Market Insights – April 30th

Weekly financial & economic analysis.

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A sense of optimism has been in the air since the meeting between the leaders of North and South Korea. The previously glacial relations between the two countries seem to be thawing. The big question now is whether their words can be turned into deeds. The road to peace will no doubt be long and bumpy, which is why Asian markets posted only timid gains last week.

Mr Draghi offered reassuring comments on the economy and inflation at last week’s European Central Bank meeting. Unsurprisingly, the financial markets’ response was muted, with yields dropping slightly and the US dollar continuing to rise against the euro.

Japanese inflation is still desperately short of the target set by the Bank of Japan (BoJ). The Tokyo Consumer Price Index has put in a disappointing performance for several months now, with the rise in prices dropping from 1.4% at the start of the year to 0.5% more recently. With these figures, the BoJ is unlikely to make any changes to its monetary policy.

All eyes are still on US yields

The geopolitical risks that have held investors’ attention in recent weeks are starting to fade. Tensions have eased both on the Korean peninsula and in the Middle East, as has talk of a trade war between the USA and China. Investors are instead starting to worry about inflation again, especially in the USA, which is reaching full employment after close to ten years of uninterrupted economic growth. Economists are afraid that if inflation outpaces expectations, the Federal Reserve will have no choice but to speed up its monetary policy tightening, which could bring an end to one of the longest macro
cycles in modern history. Yet indicators still suggest that inflation is increasing very gradually in the USA and is unlikely to spin out of control. This was confirmed by the much-awaited Q1 figures released last week. The Fed keeps a close eye on the deflators used by the US Commerce Department, particularly the Personal Consumption Expenditures (PCE) deflator. While the Q1 figure came in close to the 2% target set by the Fed, the feared surge has not materialised. These data have helped to calm the US bond market. Ten-year yields fell after briefly crossing the psychological threshold of 3%. Most other bond markets around the world
then followed suit, led by those in Europe, where initial April inflation estimates confirmed the absence of any real uptick in inflation. The assets and currencies of the main emerging markets, which have underperformed recently, also settled down. We still don’t think US long-term interest rates will rise much above 3% given the current inflation environment. But risk assets should be able to absorb a further rebound in US interest rates as long as it is slow and gradual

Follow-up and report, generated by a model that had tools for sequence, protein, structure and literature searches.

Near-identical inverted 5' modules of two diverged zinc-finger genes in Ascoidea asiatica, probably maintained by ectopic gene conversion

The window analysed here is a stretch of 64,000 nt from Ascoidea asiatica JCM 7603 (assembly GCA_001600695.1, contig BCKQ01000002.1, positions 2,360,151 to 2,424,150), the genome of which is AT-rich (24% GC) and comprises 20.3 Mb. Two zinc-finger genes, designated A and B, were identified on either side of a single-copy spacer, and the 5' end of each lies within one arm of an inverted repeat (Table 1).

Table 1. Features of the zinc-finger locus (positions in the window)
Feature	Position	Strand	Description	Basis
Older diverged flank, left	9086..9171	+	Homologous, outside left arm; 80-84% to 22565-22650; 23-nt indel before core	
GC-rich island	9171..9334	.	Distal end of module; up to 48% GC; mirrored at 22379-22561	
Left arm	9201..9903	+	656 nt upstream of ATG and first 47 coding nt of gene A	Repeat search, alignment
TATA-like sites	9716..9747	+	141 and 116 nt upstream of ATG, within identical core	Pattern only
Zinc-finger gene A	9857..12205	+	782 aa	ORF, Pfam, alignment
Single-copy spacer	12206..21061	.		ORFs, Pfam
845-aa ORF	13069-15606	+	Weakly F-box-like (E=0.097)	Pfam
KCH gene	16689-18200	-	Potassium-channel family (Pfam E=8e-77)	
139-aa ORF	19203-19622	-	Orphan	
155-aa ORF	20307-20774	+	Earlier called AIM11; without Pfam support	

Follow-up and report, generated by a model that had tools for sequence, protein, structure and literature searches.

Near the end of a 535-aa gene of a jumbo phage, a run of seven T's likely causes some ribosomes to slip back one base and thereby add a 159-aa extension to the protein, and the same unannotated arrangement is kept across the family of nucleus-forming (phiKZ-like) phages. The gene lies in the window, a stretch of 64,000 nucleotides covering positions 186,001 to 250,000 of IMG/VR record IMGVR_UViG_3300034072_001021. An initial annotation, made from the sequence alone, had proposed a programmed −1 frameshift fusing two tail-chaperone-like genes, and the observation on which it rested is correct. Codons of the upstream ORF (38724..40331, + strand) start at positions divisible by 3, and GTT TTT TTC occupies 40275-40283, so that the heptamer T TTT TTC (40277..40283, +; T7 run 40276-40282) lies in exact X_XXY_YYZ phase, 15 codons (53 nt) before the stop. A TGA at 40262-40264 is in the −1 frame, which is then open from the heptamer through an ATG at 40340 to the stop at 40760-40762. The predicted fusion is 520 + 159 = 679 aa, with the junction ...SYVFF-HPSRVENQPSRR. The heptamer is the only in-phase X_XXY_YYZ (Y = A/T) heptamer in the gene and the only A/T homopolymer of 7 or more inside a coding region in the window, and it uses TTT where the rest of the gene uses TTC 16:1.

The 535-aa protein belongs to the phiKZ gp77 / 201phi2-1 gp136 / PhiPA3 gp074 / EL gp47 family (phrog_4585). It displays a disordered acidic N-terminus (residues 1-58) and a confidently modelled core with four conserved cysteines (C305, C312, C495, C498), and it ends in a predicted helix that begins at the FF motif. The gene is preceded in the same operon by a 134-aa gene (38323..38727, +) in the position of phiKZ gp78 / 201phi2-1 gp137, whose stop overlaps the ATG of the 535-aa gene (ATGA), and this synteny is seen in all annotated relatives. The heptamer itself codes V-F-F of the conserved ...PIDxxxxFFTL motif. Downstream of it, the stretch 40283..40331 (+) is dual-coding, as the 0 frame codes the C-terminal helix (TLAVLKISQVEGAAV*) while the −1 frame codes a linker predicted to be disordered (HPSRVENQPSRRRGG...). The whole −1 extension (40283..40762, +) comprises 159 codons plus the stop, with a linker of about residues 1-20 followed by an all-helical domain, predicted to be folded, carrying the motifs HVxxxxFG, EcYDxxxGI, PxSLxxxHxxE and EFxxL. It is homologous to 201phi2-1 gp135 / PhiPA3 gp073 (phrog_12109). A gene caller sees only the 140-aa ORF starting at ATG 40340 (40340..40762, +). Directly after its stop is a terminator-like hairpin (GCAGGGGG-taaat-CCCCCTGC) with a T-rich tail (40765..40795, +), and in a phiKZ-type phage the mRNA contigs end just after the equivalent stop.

USA: fundamentals still strong

Only half of S&P 500 companies have so far released their earnings figures, but Q1 2018 is already shaping up to be a very good quarter. For starters, earnings growth picked up considerably during the first three months of the year. Analysts expect earnings to rise by more than 22% year on year, despite the tough basis for comparison – at 14%, growth was already strong in Q1 2017. Secondly, 80% of
companies that have so far released their results managed to beat analysts’ already ambitious forecasts.

The recent US tax reform is largely to thank for this improvement. But it is by no means the only factor – these results can also be put down to the buoyant global economic climate. Corporate top-line growth came in at 7.5%, driven by the tech sector (+14%) and very cyclical sectors like energy, materials and indus-

At the same time, many economic indicators have reassured investors – the US economy’s fundamentals are still strong. However, the market reacted coolly to these results, which could well mark a high point for US earnings growth  before things gradually return to normal. That is, unless US companies once again defy economists’ expectations.


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